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Minimizing Suicide Risk During the COVID-19 Pandemic

September is Suicide Awareness month. As the COVID-19 pandemic extends into the remainder of the year, the pandemic may begin to have more long-term effects on those who struggle with mental health conditions. Preventing suicide in vulnerable populations is important during this time. There is evidence that deaths attributed to suicide increased during the 1918-19 influence pandemic and among individuals in areas affected by the 2003 SARS outbreak. 

Anxiety, fear, loneliness due to isolation, and social distancing may exacerbate mental health symptoms for many individuals. This is also true for the general population, particularly for those with higher levels of exposure to COVID-19 such as healthcare professionals. Individuals in a suicidal crisis need special attention. It is probable that many may not seek out help during this time for fear of burdening the healthcare system further during the pandemic, or for fear of entering a healthcare facility and risking exposure. 

To help during this time, we’ve collected information on what you can do to help prevent suicide during the pandemic. Remember, suicide is not inevitable. By beginning the conversation with your loved one or friend, you can provide support and direct them to qualified help. Evidence has shown that by providing support, talking about suicide, reducing access to means of self-harm, and staying connected even if that means through technology, we can help others.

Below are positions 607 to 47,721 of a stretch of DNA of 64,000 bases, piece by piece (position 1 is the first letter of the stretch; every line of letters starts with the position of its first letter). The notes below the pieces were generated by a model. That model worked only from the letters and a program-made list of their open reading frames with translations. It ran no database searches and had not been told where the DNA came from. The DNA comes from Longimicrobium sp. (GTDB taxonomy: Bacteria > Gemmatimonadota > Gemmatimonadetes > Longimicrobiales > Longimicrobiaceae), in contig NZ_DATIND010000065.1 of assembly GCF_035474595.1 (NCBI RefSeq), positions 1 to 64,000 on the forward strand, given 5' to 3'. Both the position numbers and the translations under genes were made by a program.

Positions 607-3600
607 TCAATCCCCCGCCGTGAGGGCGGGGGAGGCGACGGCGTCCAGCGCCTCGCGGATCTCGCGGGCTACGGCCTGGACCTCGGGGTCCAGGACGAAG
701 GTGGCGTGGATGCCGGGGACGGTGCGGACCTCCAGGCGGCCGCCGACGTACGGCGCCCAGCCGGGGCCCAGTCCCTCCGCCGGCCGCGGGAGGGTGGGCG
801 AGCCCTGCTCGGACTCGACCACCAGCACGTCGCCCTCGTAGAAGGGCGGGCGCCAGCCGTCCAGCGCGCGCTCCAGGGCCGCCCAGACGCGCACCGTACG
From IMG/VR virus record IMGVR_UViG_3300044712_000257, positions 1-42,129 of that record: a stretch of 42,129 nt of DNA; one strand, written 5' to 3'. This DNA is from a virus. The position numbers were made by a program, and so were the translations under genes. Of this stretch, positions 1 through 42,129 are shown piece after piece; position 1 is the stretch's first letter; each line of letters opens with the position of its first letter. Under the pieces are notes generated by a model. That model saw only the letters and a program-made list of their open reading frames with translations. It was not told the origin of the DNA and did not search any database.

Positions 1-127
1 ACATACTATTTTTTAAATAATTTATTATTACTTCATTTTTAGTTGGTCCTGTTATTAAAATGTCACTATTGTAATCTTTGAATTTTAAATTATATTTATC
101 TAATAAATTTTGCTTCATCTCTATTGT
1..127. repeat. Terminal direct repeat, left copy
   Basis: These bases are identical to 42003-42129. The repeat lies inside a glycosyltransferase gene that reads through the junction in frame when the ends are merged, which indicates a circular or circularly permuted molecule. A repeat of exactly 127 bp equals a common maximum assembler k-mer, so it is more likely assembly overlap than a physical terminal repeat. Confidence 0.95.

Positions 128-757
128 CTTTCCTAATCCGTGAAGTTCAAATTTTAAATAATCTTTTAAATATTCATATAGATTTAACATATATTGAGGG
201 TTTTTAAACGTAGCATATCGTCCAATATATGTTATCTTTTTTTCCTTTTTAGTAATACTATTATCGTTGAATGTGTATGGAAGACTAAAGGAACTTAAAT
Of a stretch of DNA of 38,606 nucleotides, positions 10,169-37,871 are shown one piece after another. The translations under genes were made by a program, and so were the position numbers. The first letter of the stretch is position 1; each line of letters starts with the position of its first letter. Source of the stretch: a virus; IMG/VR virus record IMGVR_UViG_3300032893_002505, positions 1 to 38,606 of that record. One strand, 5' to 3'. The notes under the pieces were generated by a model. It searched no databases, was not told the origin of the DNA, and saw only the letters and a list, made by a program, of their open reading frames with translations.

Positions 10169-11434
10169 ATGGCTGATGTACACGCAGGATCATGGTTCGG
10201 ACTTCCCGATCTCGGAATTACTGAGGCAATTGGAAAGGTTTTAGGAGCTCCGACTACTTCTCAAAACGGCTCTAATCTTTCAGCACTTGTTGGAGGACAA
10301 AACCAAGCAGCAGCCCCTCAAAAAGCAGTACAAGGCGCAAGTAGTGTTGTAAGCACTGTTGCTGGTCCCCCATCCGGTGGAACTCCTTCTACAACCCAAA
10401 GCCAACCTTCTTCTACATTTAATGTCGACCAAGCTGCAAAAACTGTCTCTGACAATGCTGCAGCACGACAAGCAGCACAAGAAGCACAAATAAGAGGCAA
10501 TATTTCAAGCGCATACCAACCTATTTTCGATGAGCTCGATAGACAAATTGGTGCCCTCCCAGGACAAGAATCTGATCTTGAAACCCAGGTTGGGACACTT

Be Aware of Suicide Risk Factors

Suicide risk factors include:

  • History of mental disorder
  • Alcohol or substance abuse disorder
  • History of trauma or abuse
  • Previous suicide attempt or family history of suicide
  • Feelings of hopelessness
  • Job, financial, or relationship loss
  • Isolation, or lack of social support
  • Lack of healthcare accessibility, especially mental health treatment
  • Major physical illness 

There are warning signs that could help you determine if a loved one or friend is at risk for suicide. These behaviors may be new or have increased. Watch for: 

  • Talking about death or wanting to kill themselves
  • Talking about feeling hopeless
  • Talking about being in pain or feeling trapped
  • Talking about being a burden on others
  • Anxious or reckless behavior
  • Sleeping too little or too much
  • Withdrawing or isolating themselves beyond the requirements of the pandemic
  • Extreme mood swings
  • Increased use of drugs or alcohol
  • Looking for ways to kill themselves, such as buying a gun or searching online

These are uncertain and unprecedented times. The COVID-19 pandemic has caused much distress and left many vulnerable to mental health problems and possibly suicidal behavior. We must look out for our loved ones and friends during this time and be prepared to take action. Below are several resources that are available to help. 

National Suicide Prevention Lifeline – 1-800-273-TALK (8255), Veterans: Press 1

Crisis Text Line – Text TALK to 741741 to text with a trained counselor free of charge

The Trevor Project – 1-866-488-7386, or text TREVOR to 1-202-304-1200

MY3 app – www.my3app.org Helps you stay connected when you are having thoughts of suicide through a defined network of 3 individuals to reach out to. 

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